Finasteride is a synthetic 4-aza analog of testosterone that acts as a competitive, specific inhibitor of type II 5-alpha-reductase, an intracellular enzyme that converts testosterone to the potent androgen 5-alpha-dihydrotestosterone (DHT). The type II 5alpha-reductase isozyme is primarily found in prostate, seminal vesicles, epididymides, and hair follicles, as well as liver. The type II isozyme is responsible for two-thirds of circulating DHT. DHT is the primary androgen that stimulates the development of prostate tissue. When used for the treatment of benign prostatic hyperplasia, as the enzymatic conversion from testosterone to DHT is inhibited, a desirable reduction in prostate hypertrophy is achieved, and urine flow should be improved. In male pattern hair loss, the balding scalp contains miniaturized hair follicles and increased amounts of DHT compared with hairy scalp. Finasteride decreases scalp and serum DHT concentrations, thus interrupting a key factor in the development of androgenetic alopecia in those patients genetically predisposed. Finasteride does not appear to affect circulating concentrations of cortisol, estradiol, prolactin, thyroid-stimulating hormone, thyroxine or cholesterol. Research to date also suggests that finasteride does not affect the hypothalamic-pituitary-testicular-axis.

Pharmacokinetics

Finasteride is administered orally in the treatment of either BPH or male pattern baldness. Approximately 90% is bound to plasma proteins; yet the drug has been found to cross the blood-brain barrier. This is not problematic, since finasteride generally does not affect other hormones. Daily dosing causes accumulation to occur, with plasma concentrations increasing by 50% over those observed from a single dose. The mean plasma elimination half-life of finasteride is 4.8 to 6 hours (range, 3 to 16 hours); however, the turnover rate for the type II 5-alpha-reductase enzyme complex is slow, with a turnover half-life of approximately 30 days. After oral dosing, about half of the unchanged drug is excreted in the feces, and one-third is metabolized in the liver to the 17-carboxylic acid, which is then excreted in the urine (39%) and the feces (57%).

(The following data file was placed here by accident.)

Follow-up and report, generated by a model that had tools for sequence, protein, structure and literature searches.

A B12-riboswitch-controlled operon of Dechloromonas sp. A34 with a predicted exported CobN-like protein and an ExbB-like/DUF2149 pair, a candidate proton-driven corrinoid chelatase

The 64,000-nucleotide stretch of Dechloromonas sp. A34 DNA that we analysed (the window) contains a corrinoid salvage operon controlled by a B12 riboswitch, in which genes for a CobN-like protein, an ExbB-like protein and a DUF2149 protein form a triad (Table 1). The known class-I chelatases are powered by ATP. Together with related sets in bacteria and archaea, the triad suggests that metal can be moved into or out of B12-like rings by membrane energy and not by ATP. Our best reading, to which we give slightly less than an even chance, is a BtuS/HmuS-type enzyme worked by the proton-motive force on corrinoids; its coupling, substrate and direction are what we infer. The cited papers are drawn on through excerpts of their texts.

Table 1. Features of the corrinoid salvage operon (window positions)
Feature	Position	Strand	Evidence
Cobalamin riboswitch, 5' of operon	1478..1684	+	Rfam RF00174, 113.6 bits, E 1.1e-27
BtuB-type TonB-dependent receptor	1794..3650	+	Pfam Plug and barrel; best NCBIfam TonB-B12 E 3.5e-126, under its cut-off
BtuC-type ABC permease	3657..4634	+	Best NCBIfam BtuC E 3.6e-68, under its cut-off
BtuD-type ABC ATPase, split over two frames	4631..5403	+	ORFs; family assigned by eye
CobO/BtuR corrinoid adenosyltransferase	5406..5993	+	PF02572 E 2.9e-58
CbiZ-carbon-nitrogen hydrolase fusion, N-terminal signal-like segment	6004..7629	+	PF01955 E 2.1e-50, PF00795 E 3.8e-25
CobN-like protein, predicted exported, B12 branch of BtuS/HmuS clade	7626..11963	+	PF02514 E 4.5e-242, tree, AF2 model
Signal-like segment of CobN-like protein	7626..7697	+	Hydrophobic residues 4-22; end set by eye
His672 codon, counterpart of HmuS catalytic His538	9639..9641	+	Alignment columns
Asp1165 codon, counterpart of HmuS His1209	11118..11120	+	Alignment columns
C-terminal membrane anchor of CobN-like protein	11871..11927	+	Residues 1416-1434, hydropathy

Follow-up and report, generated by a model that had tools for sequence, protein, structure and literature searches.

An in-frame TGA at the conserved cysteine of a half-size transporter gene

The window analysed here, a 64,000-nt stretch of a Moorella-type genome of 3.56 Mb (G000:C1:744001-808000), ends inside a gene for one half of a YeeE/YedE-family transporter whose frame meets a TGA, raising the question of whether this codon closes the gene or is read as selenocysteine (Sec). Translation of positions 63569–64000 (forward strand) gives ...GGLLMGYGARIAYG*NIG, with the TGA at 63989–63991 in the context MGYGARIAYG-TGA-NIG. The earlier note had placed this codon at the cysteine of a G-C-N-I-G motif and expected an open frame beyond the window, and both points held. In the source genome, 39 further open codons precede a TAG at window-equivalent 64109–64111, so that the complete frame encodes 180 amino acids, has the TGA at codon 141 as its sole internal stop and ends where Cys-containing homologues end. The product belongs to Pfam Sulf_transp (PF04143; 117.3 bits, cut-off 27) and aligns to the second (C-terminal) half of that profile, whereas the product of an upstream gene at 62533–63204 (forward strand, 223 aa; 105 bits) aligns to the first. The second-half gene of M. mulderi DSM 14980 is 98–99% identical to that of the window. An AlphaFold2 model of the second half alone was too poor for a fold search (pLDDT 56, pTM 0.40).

A single 5 mg oral dose rapidly reduces serum DHT concentrations by as much as 70%, with the maximum reduction occurring at about 8 hours. The effect lasts for at least 24 hours, so once daily dosing is appropriate. Actual clinical effects, however, are not realized for 3 to 6 months after beginning therapy.

Affected cytochrome P450(CYP450) isoenzymes and drug transporters: CYP3A4, UGT1A4

While finasteride is metabolized by hepatic CYP3A4 isoenzymes, no drug interactions of clinical importance have been identified, likely due to the hormonal mechanisms of action and relatively large therapeutic window of effect. Finasteride does not appear to affect the CYP450-linked drug metabolizing enzyme system. Compounds that have been tested in man have included antipyrine, digoxin, propranolol, theophylline, and warfarin and no clinically meaningful interactions were found. Finasteride has not been associated with clinically important drug interactions during clinical trials, including a 4-year safety trial of 3,040 males aged 45 to 78 years.4 5 1 6 while finasteride markedly inhibited UGT1A4 activity in vitro in a drug transporter study; the data strongly suggested that finasteride is unlikely to cause clinically significant drug-drug interactions mediated via inhibition of the hepatic UGT enzymes involved in drug metabolism in vivo.7